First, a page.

National Security

Interpol Chief: Fight Terrorism With Armed Citizens

Interpol secretary general has amazing insight.

Oct. 23, 2013

In September, terrorists waged a days-long attack on a Kenyan mall, killing dozens. This week, Ronald Noble, secretary general of the international policing agency Interpol, discussed the problem of “soft targets,” using the mall as an example. “Societies have to think about how they’re going to approach the problem,” he said. “One is to say we want an armed citizenry; you can see the reason for that. Another is to say the enclaves are so secure that in order to get into the soft target you’re going to have to pass through extraordinary security.”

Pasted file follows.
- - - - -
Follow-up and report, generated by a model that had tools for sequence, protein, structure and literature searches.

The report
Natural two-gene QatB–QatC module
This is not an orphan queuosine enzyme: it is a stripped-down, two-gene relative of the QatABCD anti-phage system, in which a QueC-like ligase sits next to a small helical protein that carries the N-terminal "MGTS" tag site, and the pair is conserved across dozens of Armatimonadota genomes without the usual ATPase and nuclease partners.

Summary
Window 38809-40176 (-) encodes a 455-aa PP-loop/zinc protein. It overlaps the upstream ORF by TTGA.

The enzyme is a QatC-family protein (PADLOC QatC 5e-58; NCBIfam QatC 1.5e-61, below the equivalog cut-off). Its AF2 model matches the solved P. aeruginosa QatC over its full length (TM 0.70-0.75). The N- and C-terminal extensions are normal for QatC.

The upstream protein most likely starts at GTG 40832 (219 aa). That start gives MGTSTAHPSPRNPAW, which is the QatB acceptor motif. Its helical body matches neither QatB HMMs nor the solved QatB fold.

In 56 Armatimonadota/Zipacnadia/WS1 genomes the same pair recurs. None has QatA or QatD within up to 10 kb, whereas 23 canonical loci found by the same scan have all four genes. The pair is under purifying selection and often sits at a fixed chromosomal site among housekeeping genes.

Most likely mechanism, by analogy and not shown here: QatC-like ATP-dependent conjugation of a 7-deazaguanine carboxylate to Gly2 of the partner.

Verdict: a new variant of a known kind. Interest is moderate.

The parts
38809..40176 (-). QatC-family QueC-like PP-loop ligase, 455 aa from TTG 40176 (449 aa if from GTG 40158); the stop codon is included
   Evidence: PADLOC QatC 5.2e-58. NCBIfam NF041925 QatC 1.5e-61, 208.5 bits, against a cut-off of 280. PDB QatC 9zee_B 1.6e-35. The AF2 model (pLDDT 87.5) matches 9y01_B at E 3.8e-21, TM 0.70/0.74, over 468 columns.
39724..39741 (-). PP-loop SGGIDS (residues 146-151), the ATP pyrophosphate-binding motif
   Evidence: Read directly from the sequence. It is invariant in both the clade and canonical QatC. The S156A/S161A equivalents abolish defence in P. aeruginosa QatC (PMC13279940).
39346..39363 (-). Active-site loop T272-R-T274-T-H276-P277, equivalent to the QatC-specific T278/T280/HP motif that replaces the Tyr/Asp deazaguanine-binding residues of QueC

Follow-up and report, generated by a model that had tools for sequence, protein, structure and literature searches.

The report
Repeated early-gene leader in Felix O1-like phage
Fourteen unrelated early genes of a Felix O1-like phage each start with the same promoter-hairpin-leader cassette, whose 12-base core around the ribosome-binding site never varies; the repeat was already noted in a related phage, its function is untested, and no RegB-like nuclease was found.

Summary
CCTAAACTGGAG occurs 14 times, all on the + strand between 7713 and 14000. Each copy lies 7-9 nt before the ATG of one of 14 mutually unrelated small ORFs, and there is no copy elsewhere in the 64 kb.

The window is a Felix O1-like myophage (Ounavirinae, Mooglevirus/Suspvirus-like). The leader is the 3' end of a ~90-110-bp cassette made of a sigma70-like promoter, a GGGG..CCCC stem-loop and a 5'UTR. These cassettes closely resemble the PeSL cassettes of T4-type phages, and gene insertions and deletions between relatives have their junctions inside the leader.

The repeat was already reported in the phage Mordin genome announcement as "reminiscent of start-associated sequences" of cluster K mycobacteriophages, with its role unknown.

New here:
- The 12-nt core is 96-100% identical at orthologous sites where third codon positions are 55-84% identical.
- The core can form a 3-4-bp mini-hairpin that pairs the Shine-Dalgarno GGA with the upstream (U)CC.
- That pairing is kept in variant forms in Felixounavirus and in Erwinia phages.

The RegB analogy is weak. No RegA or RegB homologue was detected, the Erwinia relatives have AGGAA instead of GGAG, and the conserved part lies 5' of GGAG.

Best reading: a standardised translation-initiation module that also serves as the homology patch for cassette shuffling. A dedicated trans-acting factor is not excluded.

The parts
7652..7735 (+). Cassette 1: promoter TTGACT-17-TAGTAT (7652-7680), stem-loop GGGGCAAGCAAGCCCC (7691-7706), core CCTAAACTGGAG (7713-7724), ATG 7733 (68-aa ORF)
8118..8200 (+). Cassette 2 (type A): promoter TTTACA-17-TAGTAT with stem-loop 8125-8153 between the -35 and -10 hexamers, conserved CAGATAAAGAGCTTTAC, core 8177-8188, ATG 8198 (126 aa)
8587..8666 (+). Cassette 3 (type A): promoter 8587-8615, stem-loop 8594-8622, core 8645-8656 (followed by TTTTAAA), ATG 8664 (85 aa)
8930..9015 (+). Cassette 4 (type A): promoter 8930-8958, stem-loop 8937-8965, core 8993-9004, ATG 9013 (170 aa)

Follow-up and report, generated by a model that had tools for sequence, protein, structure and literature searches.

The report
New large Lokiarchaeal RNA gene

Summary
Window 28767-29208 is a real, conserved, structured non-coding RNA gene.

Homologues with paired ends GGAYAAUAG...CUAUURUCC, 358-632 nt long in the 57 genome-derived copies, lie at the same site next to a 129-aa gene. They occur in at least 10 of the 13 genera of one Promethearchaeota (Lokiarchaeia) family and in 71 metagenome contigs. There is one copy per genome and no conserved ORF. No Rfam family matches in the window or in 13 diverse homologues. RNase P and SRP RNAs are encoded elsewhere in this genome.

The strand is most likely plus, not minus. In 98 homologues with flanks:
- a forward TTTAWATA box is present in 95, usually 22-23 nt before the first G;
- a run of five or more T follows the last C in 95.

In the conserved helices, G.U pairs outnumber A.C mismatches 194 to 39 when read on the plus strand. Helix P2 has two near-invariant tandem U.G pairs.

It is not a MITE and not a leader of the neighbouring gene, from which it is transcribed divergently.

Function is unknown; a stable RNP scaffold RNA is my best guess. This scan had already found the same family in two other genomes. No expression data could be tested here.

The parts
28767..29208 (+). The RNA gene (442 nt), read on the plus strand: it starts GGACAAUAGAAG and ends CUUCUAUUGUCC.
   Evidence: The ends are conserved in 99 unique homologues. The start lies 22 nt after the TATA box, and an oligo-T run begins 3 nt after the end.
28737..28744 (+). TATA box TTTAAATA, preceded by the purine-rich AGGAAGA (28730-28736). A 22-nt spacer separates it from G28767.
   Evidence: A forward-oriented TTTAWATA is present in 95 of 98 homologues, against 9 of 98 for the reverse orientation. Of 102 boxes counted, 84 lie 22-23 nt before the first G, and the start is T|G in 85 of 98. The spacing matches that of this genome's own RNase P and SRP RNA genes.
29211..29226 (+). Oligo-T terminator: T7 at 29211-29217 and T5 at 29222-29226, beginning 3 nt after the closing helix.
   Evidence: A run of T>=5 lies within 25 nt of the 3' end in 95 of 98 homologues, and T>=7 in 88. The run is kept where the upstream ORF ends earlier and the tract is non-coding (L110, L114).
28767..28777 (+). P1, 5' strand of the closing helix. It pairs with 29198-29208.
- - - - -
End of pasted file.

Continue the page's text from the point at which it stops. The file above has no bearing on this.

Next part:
But here’s where we did a double take: “Ask yourself,” he added, “If that [mall attack] was Denver, Colorado, if that was Texas, would those guys have been able to spend hours, days, shooting people randomly? What I’m saying is it makes police around the world question their views on gun control. It makes citizens question their views on gun control. You have to ask yourself, ‘Is an armed citizenry more necessary now than it was in the past with an evolving threat of terrorism?’ This is something that has to be discussed.”

Fortunately, there were a couple of armed citizens who took action in Nairobi, saving many lives. But for a European bureaucrat to understand something that the American Left vociferously opposes is really something. Armed citizens can’t always prevent attacks, but they can at least be equipped to respond to evil. Our Founders certainly understood that national security begins with armed citizens. That’s why they codified that God-given right in the Second Amendment.

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